Using the Alexander Technique in Liturgy and Teaching

Father Alcuin Schachenmayr 


The Alexander Technique has helped me to grow as a monk, teacher and priest. My responsibilities as a Cistercian monk can vary greatly in the course of a single day, but I find my weekly Alexander lesson helps me in the liturgy, in public speaking and the many hours I spend at my desk every day with study, prayer and computer work. I’ve been studying in Vienna for the past six years; the work my teacher and I do together is very flexible. I bring along concerns from my daily life and sometime even the objects or texts with which I work. 


Feelings of exhaustion after teaching a long class or presiding at two Sunday Masses prompted me to take up contact with an Alexander teacher. I had had a good experience as a student of the Technique while at university. Resuming lessons after a ten-year break, I soon found that my liturgical activity and public speaking became more creative. With the Technique, not only the musical and rhetorical aspects, but also the use of myself were now opened up to creative choices. I discovered a new domain of control where before I had been struggling along with habitual tension and strain. I experienced more choices during preaching and liturgical movement, making these assignments even more rewarding to me. 


As a teacher, I sometimes lecture up to four hours a day. That’s a challenge to physical endurance, When you consider that I have about four hours of liturgical prayer a day. Through the Alexander Technique I started to gain more control over my voice, and that made me feel more relaxed and playful while speaking in public. Since I find it crucial to stand and move while lecturing, I used to get tired fast. The Technique has changed that and made me lighter. That helps attract concentration from my listeners! 


Monks in the Christian tradition live in a close connection between study and prayer; in reading sacred texts (lectio divina), what begins as study soon goes over into the realm of meditation. This means that even the way we sit at a desk can have a major effect on our thinking - and our prayer. Bad use of our selves leads to less creative thinking and, yes, less openness to the working of the Holy Spirit. 


Most monks living in the twenty-first century need to communicate with others using the same media that everyone else uses: cell phones, emails, computer databases, Facebook. Since a monk has given his whole life to God and the Church, even his administrative work will have a religious dimension. He counsels the faithful, but even quoridian contacts with others should be pastoral; we believe every person is an image of God, every single person is worth the price Christ paid for him or her on the Cross. So the choices, creativity and sense of recollection I gain though the Alexander Technique make a difference in everyday contacts, too: they help to set the appropriate tone, even in difficult situations where patience wears thin. Good use makes for improved communication skills.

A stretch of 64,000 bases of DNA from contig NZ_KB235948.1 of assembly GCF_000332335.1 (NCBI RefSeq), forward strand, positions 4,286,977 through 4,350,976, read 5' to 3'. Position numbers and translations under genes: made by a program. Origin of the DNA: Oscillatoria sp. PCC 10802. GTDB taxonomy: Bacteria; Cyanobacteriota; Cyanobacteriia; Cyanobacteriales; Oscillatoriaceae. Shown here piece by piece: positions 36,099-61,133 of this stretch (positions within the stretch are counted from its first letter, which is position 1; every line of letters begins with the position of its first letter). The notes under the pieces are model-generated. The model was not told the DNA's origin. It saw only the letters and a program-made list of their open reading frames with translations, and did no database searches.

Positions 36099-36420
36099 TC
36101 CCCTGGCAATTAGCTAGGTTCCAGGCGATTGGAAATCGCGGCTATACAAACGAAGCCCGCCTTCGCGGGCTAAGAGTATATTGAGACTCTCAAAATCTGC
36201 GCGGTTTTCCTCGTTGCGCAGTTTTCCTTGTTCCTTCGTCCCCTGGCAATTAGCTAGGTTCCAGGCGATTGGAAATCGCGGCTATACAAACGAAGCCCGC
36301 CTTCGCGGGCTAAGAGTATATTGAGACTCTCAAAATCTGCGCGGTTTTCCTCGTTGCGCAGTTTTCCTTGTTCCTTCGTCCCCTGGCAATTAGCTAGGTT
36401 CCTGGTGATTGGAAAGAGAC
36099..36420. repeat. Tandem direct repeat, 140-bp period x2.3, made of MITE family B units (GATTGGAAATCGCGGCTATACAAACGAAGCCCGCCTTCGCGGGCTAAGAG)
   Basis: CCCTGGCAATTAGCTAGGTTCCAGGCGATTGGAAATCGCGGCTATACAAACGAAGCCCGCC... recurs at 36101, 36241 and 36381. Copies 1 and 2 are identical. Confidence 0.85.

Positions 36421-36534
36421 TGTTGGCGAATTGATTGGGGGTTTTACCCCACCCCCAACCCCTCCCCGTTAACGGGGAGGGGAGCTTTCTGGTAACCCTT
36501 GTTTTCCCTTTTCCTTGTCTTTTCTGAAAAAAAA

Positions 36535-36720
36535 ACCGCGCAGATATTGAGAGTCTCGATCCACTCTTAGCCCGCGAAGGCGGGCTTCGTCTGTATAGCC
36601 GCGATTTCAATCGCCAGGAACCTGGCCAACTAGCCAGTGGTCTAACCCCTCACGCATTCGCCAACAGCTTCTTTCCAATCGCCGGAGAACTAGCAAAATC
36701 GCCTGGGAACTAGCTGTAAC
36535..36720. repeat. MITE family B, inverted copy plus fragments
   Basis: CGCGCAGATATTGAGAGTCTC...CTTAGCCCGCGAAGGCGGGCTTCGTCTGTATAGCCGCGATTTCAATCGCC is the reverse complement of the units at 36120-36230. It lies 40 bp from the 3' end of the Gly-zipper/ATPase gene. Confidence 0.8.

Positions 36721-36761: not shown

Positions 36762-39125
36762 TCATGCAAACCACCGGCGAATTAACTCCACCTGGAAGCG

The most beautiful work a priest has to do is administering the sacraments. Here, God works through the priest to grant grace and comfort to believing Christians. Of course, the Alexander Technique changes nothing whatsoever about that theological fact, yet if the people involved practise good use of themselves, they will experience these moments in a more profound way. Two examples should clarify my point: a priest hearing confessions in a cramped, hunched-over way will distract from the beauty of this sacrament. Secondly, a priest baptising an infant while clutching various vessels (and the infant!) while he works, will experience the spiritual rebirth of the baby in a merely theoretical way. 


My last point concerns liturgical space. Cistercian architecture is famous for its dramatic perspectives, in which severe simplicity is made vibrant through a dramaturgy of light. I belong to Heiligenkreuz Monastery near Vienna, an abbey famous for Romanesque architecture and soaring Gothic spires. To remain aware of the remarkable spaces in which I am privileged to pray and work requires inner discipline. So I apply principles of the Alexander Technique to practise widening my peripheral vision: I let my weight go down through the floor and back and up into the high-arched ceiling to experience the vertical dimension. Liturgical life is full of movement; the Technique also helps with processions, moving through crowded churches, even dealing with occasional disruptions that are part of liturgical life. 


My experience shows that the Alexander Technique is remarkably well-suited to a monk’s daily life; to be honest, I hadn’t thought it would pervade so many aspects of my day. Surprising discoveries keep coming, and that makes me grateful I decided to stick with it all these years.